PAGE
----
The Euro closed Tuesday positive against the US Dollar but not before fighting back against one of the most critical bear attacks in the last days.
On Tuesday, the unit’s upside was contained by the 50-day moving average most of the European morning. Still, after falling to the 1.1240 area, the buying interest emerged again, and most traders took profit to position themselves long EUR/USD.
At the end of the day, the EUR/USD closed the session 0.40% positive, but the critical victory happened way before in the morning when the asset set the 1.1240 as the floor for its next uptrend leg.
Currently, EUR/USD is testing the 1.1350; the short term bias remains bullish as long as the EUR/USD keeps itself above the 1.1240. Thought, the unit is losing momentum, but MACD is pointing to the upside. Resistances are now at 1.1360 and 1.1380.
5 to 10 years of weakness for the US Dollar?
Last week, Financial Times quoted Wall Street analysts saying that the US dollar was heading for a period of 5 to 10 years of weakness. What the heck?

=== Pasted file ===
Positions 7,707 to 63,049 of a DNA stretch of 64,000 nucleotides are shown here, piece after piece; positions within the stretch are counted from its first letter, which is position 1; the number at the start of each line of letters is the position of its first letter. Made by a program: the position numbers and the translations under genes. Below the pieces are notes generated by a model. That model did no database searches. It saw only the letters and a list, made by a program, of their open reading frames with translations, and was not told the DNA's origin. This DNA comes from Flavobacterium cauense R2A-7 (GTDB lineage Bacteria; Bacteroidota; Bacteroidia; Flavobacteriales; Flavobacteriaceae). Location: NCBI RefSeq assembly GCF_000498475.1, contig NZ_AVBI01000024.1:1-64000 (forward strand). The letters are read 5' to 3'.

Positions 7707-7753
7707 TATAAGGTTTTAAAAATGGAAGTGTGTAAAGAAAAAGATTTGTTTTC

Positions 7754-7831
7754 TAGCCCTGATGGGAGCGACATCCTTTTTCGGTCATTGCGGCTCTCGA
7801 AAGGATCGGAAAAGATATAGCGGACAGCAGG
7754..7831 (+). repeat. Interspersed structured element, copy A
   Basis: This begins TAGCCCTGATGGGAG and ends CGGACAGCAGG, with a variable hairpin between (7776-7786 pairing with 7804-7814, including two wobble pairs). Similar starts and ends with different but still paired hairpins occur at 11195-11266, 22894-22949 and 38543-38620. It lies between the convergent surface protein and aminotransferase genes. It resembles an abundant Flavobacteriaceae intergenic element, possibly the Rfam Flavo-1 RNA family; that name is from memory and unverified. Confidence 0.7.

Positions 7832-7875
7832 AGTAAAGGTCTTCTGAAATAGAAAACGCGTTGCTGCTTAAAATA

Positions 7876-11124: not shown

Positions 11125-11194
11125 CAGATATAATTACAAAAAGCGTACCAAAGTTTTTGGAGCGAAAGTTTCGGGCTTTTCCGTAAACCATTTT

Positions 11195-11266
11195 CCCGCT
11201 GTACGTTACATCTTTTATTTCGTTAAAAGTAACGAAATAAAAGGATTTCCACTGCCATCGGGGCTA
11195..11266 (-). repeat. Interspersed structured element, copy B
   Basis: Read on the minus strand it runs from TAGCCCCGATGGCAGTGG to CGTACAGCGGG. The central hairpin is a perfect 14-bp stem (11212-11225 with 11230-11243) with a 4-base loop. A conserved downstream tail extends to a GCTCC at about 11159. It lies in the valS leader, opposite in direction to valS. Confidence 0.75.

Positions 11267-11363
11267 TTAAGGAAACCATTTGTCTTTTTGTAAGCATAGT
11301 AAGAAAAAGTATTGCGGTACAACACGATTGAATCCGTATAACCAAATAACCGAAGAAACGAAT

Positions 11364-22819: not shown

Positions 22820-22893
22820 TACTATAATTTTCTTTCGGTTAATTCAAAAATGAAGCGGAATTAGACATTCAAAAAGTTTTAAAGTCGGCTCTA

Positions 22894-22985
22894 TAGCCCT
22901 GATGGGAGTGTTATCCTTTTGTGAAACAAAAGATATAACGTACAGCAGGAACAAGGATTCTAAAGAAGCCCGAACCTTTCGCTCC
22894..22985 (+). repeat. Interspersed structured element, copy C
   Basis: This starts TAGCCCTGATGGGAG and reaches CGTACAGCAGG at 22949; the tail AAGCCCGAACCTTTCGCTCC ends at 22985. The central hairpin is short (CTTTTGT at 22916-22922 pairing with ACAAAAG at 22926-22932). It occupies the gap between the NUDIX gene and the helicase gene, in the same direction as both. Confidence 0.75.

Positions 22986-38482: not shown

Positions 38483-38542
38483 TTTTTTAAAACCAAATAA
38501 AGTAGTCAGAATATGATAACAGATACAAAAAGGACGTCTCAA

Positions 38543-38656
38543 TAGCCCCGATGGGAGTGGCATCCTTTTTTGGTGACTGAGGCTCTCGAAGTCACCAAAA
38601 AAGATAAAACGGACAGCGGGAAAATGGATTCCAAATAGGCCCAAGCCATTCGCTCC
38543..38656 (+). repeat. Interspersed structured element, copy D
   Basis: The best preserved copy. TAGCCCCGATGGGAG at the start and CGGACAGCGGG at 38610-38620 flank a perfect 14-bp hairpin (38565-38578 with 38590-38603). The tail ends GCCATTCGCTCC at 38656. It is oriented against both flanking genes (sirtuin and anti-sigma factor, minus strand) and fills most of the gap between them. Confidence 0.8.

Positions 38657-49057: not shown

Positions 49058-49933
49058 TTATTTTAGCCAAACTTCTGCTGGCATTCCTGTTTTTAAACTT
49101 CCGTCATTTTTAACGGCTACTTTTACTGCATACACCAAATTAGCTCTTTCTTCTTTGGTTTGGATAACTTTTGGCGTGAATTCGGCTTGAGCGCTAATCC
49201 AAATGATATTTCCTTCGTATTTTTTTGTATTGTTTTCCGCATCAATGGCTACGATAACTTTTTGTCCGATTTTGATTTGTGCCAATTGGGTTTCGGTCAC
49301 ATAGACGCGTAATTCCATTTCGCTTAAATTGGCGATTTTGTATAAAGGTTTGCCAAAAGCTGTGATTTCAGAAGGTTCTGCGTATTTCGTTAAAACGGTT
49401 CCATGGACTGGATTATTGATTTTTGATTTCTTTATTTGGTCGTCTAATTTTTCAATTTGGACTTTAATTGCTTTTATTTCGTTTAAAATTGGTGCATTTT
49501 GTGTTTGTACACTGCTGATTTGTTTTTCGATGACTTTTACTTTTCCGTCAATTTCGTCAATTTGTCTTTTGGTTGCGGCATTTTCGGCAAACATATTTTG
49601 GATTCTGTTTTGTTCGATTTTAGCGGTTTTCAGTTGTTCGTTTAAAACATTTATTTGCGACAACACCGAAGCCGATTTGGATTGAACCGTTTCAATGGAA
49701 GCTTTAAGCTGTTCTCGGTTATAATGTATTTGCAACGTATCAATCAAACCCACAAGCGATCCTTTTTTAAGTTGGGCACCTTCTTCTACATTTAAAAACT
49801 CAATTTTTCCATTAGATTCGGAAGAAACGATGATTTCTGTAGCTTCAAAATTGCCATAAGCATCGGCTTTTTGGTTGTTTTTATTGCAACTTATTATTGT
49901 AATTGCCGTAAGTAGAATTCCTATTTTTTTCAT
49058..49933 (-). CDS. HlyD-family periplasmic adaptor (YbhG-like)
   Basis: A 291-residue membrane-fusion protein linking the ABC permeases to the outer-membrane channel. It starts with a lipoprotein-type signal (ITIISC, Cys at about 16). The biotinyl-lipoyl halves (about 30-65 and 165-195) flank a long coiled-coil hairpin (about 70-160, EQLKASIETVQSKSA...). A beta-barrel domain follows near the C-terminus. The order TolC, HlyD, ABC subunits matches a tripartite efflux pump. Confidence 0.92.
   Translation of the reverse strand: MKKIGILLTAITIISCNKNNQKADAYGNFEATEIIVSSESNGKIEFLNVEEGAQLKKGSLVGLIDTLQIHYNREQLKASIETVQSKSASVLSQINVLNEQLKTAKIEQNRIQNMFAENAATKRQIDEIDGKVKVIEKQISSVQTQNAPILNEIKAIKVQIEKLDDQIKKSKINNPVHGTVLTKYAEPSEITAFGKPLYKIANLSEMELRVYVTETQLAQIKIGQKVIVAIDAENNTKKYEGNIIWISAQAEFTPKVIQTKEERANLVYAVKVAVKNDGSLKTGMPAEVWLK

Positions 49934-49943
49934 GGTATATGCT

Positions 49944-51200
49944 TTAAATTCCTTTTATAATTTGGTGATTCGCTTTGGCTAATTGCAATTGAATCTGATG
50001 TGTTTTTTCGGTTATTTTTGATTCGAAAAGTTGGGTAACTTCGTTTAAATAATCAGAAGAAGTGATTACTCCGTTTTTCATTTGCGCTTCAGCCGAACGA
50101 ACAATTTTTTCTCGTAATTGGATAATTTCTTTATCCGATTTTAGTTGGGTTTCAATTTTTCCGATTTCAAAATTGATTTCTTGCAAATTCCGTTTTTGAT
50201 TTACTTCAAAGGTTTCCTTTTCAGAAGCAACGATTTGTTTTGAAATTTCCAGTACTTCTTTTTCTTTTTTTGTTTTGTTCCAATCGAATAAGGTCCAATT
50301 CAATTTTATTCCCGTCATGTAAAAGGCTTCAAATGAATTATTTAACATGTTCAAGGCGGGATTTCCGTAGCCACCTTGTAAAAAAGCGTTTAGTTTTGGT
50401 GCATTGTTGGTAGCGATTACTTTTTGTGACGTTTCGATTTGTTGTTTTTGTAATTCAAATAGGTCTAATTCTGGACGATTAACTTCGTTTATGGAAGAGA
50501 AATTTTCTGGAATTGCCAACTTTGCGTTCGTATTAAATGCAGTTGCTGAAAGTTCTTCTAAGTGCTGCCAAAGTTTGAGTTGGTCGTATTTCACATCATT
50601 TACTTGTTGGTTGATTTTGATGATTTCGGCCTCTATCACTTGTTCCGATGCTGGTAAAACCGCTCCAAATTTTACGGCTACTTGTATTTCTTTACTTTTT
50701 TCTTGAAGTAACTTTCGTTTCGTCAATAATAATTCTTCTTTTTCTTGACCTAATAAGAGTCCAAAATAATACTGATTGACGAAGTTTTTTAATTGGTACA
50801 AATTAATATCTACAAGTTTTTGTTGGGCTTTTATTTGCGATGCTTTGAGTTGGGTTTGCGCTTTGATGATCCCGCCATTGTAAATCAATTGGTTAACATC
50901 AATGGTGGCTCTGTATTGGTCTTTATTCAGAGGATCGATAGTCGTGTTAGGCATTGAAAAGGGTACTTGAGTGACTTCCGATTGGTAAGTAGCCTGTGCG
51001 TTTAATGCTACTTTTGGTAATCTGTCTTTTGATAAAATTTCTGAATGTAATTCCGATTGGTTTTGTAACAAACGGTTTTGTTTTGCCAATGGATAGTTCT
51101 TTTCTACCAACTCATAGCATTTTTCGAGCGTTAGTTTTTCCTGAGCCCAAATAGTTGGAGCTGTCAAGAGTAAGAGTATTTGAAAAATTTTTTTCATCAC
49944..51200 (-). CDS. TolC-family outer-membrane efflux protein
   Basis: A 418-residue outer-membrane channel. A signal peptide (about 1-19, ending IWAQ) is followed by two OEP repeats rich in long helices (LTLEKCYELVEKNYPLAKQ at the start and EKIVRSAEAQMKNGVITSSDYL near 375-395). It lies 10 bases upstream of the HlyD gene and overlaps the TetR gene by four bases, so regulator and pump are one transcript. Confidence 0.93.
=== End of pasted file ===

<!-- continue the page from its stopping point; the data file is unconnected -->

According to strategists at banks, including Goldman Sachs, Deutsche Bank, and JPMorgan, the Greenback will not be that greener in the next decade.
First, as a matter of context, the US dollar index is currently trading negatively for the eleventh day out of twelve, and it is now being exchanged below the 96.50 area at levels not seen for around three months.
Last week, Wall Street strategists called for the end of the dollar 2-year long rally. The reasons? Fed’s stimulus measures and money printing actions are fueling the world with new brand dollars. Besides, China is apparently more successful in its reopening plans, and the new PEPP plan in the eurozone is feeding the euro by easing fiscal concerns across Europe.
Zach Pandl, a strategist at Goldman, acknowledged that the bank now thinks that “it is appropriate for investors to position for dollar downside in their portfolios.”
In the same line, Citigroup strategist Calvin Tse said that the dollar could be at the beginning of a long path of weakness.
“If the global economy really is bottoming out and rebounding again, and US interest rates are at zero and potential growth is lower than emerging markets, we could see the dollar enter into a bear market that could last for five to 10 years,” Tse affirmed.